Dying to tell the story
With Remembrance Day approaching, Britain’s journalistic fraternity has tonight remembered its fallen in a service at the ancient church of St Bride’s in Fleet Street, City of London.
The Order of Service states: “Journalists and cameramen have always been casualties during the conflicts they are sent to cover… This service commemorates a small fraction of the many hundreds who have died across the world during the first ten years of the 21st Century.”
Among the 49 journalists working for British media outlets who’ve been killed this past decade and are being remembered tonight: our own Gaby Rado (pictured), Foreign Affairs Correspondent with Channel 4 News, who died in northern Iraq in 2003. Others include the award-winning freelance cameraman Martin Adler, who made many powerful films for this programme before he was murdered by a gunman in Mogadishu four years ago. And the talented documentary maker James Miller, shot dead by an Israeli soldier in Gaza. The roll-call at tonight’s service also includes the names of our ITN colleagues Terry Lloyd, Fred Nerac and Hussein Osman – all of them killed (or in Fred’s case, presumed dead) in Iraq. Foreign news journalists scanning the list of those killed will see many familiar names, each conjuring a nostalgic picture of a smiling face, a shared joke, a shouted greeting and the emptiness of an absence.
But the St Bride’s list is not exhaustive. At a farewell party the other night for a Channel 4 News colleague, Tim Lambon, we watched again the amazing footage he’d shot of Mohammed Fatnan, the Iraqi government-minder-turned journalist, as he rescued an injured five-year-old girl shot in the head by American soldiers in Baghdad in April 2003. If you haven’t ever seen Lindsey Hilsum’s report on this, please watch it.
Her reflections on Mohammed, following his kidnap near Kerbala as he went home to make final arrangements for his wedding the following year is deeply moving. Mohammed is also presumed dead – one of the 139 journalists killed in Iraq since the US-led invasion in 2003.
Across the world, the number of journalists being killed as they work is rising; some are caught in the crossfire; increasingly though, journalists are being targeted – because they are journalists. From Iraq to Sri Lanka, Mexico to Iran, journalists, cameramen and camerawomen risk death, violence, kidnap, disappearance and exile. Their families face threats, impoverishment and terrible anxiety.
The International News Safety Institute reports that so far this year, 70 media workers have been killed around the world. The Reporters Without Borders website has a map of “Predator” nations, where its press freedom barometer reports that 37 journalists have been murdered this year and 157 imprisoned (not to mention the 113 bloggers locked up worldwide).
The New York-based Committee to Protect Journalists records the deaths of 839 journalists killed around the world since 1992. In 539 cases, no one was brought to justice.
Scrolling down the list of freelance camera-operators killed down through the years on the website of the Rory Peck Trust makes sobering reading. Every year, at the Rory Peck awards night (the next one is to be held on 17 November) the audience stands silently as the list of names rolls down the screen. It goes on too long and every year it gets longer.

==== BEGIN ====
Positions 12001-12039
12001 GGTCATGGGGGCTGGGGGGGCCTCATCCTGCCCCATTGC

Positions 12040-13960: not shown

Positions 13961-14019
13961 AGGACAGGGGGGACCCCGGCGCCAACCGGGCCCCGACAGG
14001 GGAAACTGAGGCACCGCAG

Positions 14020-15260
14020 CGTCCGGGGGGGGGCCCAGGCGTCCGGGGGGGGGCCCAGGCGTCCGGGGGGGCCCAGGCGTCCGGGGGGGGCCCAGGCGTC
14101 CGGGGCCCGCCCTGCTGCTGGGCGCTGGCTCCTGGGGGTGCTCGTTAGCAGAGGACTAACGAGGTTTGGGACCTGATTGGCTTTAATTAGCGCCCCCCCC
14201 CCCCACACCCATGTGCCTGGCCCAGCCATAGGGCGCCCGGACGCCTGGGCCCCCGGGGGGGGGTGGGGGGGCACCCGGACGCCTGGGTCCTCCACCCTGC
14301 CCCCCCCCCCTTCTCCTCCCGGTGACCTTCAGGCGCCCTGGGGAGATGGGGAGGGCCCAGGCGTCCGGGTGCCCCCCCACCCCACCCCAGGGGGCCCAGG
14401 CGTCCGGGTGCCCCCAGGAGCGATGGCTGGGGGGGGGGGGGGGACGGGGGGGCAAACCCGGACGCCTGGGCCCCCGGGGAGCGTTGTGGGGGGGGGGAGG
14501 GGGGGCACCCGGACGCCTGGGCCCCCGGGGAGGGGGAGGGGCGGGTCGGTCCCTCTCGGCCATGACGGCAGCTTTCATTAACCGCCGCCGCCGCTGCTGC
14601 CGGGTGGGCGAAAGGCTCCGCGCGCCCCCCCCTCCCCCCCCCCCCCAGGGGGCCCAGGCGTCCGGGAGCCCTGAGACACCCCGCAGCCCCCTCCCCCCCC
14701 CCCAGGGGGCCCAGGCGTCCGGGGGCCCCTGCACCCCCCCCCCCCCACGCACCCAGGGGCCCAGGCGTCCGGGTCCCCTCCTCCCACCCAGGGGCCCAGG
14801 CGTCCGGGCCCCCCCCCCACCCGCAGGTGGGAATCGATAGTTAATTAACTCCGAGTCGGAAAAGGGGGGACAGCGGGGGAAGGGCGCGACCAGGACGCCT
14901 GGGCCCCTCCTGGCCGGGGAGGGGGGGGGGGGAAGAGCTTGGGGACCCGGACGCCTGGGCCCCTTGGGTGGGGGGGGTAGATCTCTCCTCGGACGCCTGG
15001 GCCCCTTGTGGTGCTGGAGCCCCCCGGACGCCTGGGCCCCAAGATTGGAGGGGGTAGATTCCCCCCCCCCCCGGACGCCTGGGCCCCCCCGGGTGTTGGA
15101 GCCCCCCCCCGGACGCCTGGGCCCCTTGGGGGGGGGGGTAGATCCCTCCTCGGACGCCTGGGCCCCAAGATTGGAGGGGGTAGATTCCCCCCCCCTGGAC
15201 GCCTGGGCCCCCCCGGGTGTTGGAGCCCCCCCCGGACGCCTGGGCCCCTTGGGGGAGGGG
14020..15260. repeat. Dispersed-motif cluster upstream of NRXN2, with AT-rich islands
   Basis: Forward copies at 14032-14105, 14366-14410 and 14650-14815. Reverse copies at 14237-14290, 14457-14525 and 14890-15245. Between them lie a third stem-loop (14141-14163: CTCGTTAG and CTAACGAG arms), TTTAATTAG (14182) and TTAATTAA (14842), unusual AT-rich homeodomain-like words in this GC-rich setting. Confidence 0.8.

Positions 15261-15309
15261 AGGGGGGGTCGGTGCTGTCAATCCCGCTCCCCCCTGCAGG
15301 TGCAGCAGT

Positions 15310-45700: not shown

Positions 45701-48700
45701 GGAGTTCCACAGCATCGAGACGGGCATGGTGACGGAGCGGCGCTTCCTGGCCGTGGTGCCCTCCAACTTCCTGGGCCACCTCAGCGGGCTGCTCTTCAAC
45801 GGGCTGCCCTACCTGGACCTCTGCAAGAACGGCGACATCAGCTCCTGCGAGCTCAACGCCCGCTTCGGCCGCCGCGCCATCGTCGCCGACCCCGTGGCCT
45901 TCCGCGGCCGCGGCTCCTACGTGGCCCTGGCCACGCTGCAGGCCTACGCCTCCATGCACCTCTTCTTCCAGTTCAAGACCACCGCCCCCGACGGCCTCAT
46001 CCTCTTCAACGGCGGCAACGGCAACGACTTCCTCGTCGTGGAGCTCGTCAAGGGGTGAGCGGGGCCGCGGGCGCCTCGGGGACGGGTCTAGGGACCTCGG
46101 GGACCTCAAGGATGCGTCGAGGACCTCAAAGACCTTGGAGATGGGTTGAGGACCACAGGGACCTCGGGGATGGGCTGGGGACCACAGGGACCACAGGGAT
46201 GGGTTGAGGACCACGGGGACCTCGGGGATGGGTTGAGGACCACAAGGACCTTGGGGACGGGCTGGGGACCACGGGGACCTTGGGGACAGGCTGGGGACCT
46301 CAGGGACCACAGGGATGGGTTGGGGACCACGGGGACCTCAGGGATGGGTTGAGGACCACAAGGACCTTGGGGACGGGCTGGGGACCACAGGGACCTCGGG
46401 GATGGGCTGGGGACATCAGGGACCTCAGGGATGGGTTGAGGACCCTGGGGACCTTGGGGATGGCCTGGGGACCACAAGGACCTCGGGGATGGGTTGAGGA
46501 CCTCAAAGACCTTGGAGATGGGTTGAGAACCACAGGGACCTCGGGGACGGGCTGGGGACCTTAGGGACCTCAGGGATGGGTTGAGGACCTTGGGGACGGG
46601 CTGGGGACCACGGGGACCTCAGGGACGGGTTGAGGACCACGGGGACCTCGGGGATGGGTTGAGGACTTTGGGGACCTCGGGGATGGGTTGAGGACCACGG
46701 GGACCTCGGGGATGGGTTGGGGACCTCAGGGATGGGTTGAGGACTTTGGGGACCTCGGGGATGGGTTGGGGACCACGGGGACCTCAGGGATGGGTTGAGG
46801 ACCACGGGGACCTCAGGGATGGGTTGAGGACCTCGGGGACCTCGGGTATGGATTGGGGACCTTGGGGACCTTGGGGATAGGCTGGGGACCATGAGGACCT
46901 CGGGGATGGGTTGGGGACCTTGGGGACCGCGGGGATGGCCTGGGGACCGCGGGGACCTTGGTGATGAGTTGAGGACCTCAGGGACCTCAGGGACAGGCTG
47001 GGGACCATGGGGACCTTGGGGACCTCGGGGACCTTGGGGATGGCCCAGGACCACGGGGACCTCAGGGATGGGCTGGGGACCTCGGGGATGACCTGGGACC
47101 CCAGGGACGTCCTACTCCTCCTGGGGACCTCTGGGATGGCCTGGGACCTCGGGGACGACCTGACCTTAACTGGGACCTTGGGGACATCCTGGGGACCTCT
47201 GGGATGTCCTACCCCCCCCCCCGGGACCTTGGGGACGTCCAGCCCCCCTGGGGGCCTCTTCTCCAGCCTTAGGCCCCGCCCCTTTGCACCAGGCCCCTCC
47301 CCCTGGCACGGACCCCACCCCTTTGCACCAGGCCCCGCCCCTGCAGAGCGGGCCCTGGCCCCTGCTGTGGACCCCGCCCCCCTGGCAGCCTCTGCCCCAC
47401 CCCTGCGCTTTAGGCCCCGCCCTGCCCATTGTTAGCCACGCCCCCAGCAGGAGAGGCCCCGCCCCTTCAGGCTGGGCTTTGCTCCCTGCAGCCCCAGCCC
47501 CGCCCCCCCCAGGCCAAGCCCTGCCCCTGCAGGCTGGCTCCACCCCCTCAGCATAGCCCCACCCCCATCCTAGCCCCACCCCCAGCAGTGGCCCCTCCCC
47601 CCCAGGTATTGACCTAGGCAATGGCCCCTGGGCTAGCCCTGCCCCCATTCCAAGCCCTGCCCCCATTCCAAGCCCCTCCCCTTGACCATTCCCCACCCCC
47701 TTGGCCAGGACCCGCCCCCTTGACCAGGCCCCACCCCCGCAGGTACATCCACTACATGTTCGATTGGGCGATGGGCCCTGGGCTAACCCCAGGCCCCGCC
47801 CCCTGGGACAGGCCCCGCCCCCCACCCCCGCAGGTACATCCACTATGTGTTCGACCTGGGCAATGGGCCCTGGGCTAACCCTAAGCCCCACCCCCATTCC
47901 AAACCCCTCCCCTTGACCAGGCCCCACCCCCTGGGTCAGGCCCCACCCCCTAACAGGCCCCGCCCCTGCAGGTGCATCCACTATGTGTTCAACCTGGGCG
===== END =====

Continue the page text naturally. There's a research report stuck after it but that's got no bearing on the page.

This week, the continuing deterioration of press freedom in Russia was brutally highlighted by the beatings of two journalists, one within an inch of his life. Oleg Kashin reported for Kommersant newspaper. The attack on him was caught on CCTV. Tonight he remains in a medically induced coma in a Moscow hospital with a broken jaw, two broken legs and broken fingers.
Two days later, Anatoly Adamchuk, a reporter with a newspaper in Zhukovsky, outside Moscow, was attacked as he left his newsroom. Both reporters had been writing on politically-related themes. According to the Union of Russian Journalists, 57 have been attacked in the past year alone.
Since 2000, there have been 19 unsolved murders of journalists in Russia – including that of the prominent reporter Anna Politkovskaya who covered the conflicts in Chechnya. It’s widely believed the attacks continue because of impunity.
All pretty depressing news really from the depressing news industry.
The good news is that the organisations and charities mentioned above are today providing support for working journalists and looking after journalists (and their families) from all over the world who find themselves hounded and threatened by those who believe the sword is mighter than the pen. It’s also good news that those linked to the British media, whether British nationals or foreign, are tonight being honoured in the service at St Bride’s.
The Rector of St Bride’s, Venerable David Meara, says the service “is a reminder that bearing witness to the truth has a cost, as we honour those who have paid the ulimate price in bringing us the truth as they see it.” The address is being delivered by Marie Colvin, Foreign Correspondent with The Sunday Times.
And in the Order of Service, sent to me in advance by the organisers, I was struck by a quotation from Emma Daly, former Foreign Correspondent for the Independent (and now the Communications Director at Human Rights Watch), who covered the conflict in Bosnia:
“We can do no more than record as faithfully as we can what we see and hear and smell and taste and touch. Each one of us is influenced by our history, our beliefs, our prejudices, and each of us has a responsibility to try to identify such traits and to work around them. But in spite of the difficulties, dangers and the struggle to remain impartial, our only purpose was to record these scenes so that no one, not those who would rather ignore this nastiness, not even those in whose name the crimes were committed, would have an excuse to say: “I did not know.”